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Blog

What Gina says about the String Wars

gina.jpg

By Hamish Johnston

“Gina is very curious about science blogs”, writes Gil Kalai in his book Gina Says: Adventures in the Blogsphere String War .

“Can they be useful for learning about, or discussing science? What happens in these blogs and who participates in them?

Kalai, who is a mathematician at the Hebrew University of Jerusalem, tried to answer these questions by entering the fray of the “String Wars” — a sometimes heated online debate about the scientific merits of string theory that kicked off in 2006.

His first post as the fictional “Gina” was on Not Even Wrong — the blog of Peter Woit, an outspoken critic of string theory who has written a book with the same title.

“Peter, is it possible to state the main points for the case against string theory — with 4-5 sentences on each? This will be very helpful. Please consider doing it…”

50 days and many postings later, Gina was “expelled” from the discussion for apparently contributing to the “noise” on Woit’s blog. Fair dues, you might think, because she wasn’t exactly up front about her intentions. However, I couldn’t help feeling sorry for Gina as she tried to ingratiate herself back into the conversation.

Gina also conversed online with Lee Smolin — who, like Woit, had just published a book highly critical of string theory. She asked Smolin to address 16 specific objections to his book The Trouble With Physics and the ensuing discussion accounts for a large chunk of the book.

String theorists Clifford Johnson (Gina’s favourite blogger) and Jacques Distler also put in appearances via their respective blogs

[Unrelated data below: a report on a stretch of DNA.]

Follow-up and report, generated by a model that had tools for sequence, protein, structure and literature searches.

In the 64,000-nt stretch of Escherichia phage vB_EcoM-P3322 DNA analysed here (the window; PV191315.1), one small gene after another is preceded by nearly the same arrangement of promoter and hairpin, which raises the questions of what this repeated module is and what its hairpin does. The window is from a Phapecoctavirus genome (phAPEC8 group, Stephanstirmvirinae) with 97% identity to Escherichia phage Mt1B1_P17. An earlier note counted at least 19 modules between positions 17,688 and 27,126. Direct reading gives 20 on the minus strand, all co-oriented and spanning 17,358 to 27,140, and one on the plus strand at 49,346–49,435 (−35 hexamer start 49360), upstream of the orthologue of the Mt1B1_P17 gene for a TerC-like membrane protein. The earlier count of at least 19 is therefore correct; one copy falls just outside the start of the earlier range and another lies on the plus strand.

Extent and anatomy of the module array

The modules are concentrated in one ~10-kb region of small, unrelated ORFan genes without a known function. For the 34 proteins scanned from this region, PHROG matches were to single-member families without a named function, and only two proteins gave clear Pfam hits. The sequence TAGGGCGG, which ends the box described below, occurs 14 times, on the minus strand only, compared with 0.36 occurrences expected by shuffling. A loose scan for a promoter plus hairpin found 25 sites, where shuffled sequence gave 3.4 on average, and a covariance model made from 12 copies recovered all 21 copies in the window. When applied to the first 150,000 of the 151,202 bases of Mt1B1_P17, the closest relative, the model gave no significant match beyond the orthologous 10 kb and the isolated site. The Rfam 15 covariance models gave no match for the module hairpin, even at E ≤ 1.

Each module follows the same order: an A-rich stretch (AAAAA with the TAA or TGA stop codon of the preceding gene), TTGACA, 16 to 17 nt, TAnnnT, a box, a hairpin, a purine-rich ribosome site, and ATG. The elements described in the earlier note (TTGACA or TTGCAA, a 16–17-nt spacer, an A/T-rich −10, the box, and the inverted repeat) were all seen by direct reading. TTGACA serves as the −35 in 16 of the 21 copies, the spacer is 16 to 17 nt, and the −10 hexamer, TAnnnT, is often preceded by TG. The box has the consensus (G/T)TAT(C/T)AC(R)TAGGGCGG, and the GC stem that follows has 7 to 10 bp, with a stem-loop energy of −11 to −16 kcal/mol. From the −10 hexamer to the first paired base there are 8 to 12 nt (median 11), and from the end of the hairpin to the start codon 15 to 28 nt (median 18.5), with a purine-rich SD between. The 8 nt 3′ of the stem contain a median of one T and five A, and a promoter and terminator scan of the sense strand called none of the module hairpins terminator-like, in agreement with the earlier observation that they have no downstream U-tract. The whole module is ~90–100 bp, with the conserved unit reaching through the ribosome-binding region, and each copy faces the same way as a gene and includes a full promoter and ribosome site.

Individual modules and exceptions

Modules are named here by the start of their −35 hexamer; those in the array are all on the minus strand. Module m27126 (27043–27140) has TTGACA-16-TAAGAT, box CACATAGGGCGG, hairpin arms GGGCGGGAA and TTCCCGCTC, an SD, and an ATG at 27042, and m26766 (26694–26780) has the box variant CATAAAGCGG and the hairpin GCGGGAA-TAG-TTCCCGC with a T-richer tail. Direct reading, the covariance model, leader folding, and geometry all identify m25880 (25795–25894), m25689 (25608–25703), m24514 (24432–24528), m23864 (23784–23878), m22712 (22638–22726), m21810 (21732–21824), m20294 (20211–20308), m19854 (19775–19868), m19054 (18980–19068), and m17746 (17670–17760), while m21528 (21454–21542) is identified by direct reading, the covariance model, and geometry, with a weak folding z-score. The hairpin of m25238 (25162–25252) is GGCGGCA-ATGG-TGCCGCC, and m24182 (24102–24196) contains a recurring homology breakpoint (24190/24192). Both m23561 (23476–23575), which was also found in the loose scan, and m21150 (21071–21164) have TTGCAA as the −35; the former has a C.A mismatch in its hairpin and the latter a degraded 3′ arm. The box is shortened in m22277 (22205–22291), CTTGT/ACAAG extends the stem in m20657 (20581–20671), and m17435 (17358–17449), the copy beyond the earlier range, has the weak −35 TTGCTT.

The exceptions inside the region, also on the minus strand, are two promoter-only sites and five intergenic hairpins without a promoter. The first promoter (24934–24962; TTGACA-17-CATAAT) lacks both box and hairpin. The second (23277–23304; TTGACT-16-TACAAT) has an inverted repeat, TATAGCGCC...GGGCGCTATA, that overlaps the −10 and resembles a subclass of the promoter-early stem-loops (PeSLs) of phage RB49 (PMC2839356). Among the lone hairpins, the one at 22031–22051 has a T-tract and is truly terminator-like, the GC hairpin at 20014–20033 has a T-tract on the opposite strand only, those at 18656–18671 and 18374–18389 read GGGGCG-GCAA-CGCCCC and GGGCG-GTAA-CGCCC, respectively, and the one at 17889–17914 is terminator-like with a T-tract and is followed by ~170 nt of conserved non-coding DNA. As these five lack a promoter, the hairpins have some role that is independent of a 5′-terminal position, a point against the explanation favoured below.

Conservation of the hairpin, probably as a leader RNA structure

So what did Kalai learn from his undercover adventure? He told me that he was disappointed by what he thought was the low scientific content of the debate — he believes that it quickly turned into a political argument. “90% of the issues discussed had nothing to do with string theory”, he said.

And what about the bloggers — are they upset to discover the real identity of Gina? Peter Woit seemed rather pleased, you can read his comments here.

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6 comments

  1. I don’t know if it’s accurate to say I was “pleased”, but I certainly wasn’t upset when Kalai contacted me to tell me about his project. It did clear up the minor mystery of who “Gina” was and what “she” was up to, but the huge number of anonymous commenters on these blogs make such minor mysteries very common.
    I confess that I was a bit annoyed at the “Gina” phenomenon from the beginning. For one thing, I don’t like the way people use the internet to hide behind anonymity for no good reason. Kalai could have posted his comments under his own name, and he would have gotten a better and more useful response to them. It’s very difficult to try and answer technical questions from someone if you have no idea what their background is. You end up wasting a lot of their and your time.
    The initial comment from “Gina” that you quote shows another aspect of this that was annoying. I had just put a couple years of my life into carefully writing an article, then a book, then many blog postings, precisely to address what Kalai was interested in, then he appears on the blog asking me to repeat the arguments for him. That’s annoying, whereas if he had appeared with something like “I read your book, don’t understand or disagree with X, can you explain or discuss that?” I’d have been quite pleased to put the time into answering.